Plastic Free Alternatives

The Ideas You Need

It can be quite daunting to know how to reduce the plastic you use when you look at how much you use. We've pulled together a list of some easy swaps to help get you started. The key is to start with one thing and to gradually build up your plastic-free alternatives.

Out and About

Carrier bags - reuse ones you have already or take a cotton bag
Straws - buy a reusable metal, glass or bamboo straw if you like to drink using a straw
Keep Cup - avoid takeaway cups by carrying your own reusable cups. Available from Keep Cup, Robert Dyas, most coffee shops.
Cutlery - carry your own reusable cutlery (metal or bamboo) to avoid using plastic cutlery
Drinks bottles - invest in a refillable bottle and make use of the Refill app to find water stations near you
Sandwich packaging - most sandwich shops will wrap your sandwich in paper, or you can take your own box for them to put it in
Takeaways - take your own reusable containers

In the Kitchen

Tea bags - tea bags from PG Tips, Clipper, Tea Pigs and several other brands are plastic-free. Or buy loose leaf tea
Sandwich bags - opt for reusable tubs or beeswax wraps which you can make yourself or buy from Kate Moody (click Contact Us for more info on how)
Freezer bags - use reusable tubs or butchers paper
Milk - get it delivered in glass bottles by Milk & More
Butter - buy it in wrappers rather than tubs. You can also freeze oilve oil and use it as a spread
Fruit & veg - buy loose where possible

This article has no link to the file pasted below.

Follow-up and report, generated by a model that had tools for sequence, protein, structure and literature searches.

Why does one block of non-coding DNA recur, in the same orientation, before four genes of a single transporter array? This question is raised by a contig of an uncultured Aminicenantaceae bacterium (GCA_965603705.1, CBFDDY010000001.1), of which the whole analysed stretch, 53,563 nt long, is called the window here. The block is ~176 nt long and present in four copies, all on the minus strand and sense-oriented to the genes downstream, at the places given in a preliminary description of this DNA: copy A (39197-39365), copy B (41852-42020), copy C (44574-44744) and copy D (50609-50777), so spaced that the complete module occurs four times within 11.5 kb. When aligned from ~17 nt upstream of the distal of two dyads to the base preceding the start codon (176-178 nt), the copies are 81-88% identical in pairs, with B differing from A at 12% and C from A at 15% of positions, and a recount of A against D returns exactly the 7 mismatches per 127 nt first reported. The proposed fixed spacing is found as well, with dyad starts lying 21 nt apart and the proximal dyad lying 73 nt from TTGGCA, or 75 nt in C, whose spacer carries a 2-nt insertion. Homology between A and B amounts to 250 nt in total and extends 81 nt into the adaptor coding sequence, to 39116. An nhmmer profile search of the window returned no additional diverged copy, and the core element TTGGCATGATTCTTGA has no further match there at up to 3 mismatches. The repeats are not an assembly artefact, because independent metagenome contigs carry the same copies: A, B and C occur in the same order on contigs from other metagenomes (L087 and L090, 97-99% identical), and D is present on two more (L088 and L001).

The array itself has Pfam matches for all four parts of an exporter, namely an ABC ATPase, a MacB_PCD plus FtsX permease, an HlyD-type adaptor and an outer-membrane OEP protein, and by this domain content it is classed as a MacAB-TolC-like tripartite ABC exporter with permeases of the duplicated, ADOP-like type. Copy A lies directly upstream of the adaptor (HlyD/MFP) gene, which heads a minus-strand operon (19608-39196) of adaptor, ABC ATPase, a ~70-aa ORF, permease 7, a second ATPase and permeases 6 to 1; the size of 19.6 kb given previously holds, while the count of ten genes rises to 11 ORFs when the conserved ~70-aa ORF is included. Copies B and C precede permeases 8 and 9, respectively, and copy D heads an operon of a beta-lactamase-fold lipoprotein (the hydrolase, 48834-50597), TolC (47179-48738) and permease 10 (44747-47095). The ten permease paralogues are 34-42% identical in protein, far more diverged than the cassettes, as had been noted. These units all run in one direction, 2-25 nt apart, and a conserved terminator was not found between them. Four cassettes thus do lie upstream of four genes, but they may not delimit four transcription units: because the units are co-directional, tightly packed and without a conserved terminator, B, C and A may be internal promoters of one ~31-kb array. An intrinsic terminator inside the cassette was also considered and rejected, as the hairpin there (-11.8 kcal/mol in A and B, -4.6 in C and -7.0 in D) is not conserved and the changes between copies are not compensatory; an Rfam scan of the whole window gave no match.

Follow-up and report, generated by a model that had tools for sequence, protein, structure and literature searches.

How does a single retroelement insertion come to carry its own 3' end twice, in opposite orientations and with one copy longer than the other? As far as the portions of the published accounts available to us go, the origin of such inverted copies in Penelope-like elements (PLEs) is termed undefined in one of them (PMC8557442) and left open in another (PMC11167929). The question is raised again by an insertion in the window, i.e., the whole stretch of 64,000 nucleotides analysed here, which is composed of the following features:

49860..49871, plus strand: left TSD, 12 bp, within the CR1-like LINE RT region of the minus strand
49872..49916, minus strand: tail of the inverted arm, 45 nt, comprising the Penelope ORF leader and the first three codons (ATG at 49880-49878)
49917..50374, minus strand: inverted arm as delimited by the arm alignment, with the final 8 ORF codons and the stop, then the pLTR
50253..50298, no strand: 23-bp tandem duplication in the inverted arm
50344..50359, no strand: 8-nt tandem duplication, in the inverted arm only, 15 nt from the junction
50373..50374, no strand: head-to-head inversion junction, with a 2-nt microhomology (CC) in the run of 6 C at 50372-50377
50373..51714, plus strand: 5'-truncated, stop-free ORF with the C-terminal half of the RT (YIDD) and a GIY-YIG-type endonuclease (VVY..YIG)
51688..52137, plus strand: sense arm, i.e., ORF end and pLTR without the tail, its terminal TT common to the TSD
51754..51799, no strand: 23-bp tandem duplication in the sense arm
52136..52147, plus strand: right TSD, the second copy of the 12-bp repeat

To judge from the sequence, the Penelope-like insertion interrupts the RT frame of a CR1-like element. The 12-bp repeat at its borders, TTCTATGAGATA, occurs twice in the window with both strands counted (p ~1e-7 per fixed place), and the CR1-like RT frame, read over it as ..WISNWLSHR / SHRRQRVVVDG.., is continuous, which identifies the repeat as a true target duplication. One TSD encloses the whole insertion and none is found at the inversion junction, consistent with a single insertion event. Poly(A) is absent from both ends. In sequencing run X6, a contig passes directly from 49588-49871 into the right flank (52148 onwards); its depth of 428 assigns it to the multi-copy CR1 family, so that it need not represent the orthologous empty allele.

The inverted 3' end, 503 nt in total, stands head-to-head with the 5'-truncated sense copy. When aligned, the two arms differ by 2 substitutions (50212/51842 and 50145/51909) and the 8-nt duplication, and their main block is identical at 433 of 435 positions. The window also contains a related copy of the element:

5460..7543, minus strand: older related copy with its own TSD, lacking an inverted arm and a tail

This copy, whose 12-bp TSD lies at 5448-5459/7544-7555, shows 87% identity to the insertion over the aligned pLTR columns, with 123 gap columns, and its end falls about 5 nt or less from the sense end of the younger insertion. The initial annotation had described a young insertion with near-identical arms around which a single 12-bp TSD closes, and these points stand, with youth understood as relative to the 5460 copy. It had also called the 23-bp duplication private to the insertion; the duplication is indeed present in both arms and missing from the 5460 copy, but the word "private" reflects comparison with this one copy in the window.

Wholefoods - buy packaging free at shops such as Zero Green, Scoop Away and Wild Oats
Chocolate - Seed & Bean don't use any plastic in their packaging
Pans - opt for stainless steel or cast iron instead of non-stick plastic coated
Utensils - pick up some wooden or stainless steel ones rather than plastic
Condiments - buy in glass jars or bottles
Bread - buy loose. You can take your own bag(s) to protect it
Meat - buy packaging free from the butchers and take your own container


Materials - always buy clothes and soft furnishings made from natural materials such as cotton, linen or hemp rather than plastics such as acrylic or polyester
Laundry - if you wash anything made of non-natural materials then use a Guppy Friend to prevent microfibres getting into the water system


Laundry detergent - you can refill bottles at Wild Oats or Better Foods. You can also buy an EcoEgg or soap nuts
Cleaning sprays - make your own or refill existing bottles
Washing up liquid - refill your existing bottle
Dishcloths/scourers - use a loofah, coconut husk or natural-bristled wooden brush. Available online or from Better Foods
Hand Soap - use a bar of soap, or get refills from Wild Oats or Better Foods
Bin bags - line your bin with newspaper
Nailbrush - use a wooden and natural-bristled one. Boots Botanics range has a good one
Toilet brush - choose a wooden and natural bristled one such as from The Oxford Brush company


Face wipes - instead of disposable face wipes, invest in some reusable cotton pads.
Cotton buds - buy cotton buds with paper or bamboo sticks. Most supermarkets stock these now, or you can order them online from suppliers such as Hydrophil.
Moisturiser - make your own from shea butter and essential oils, or buy one in a glass jar such as from Neal's Yard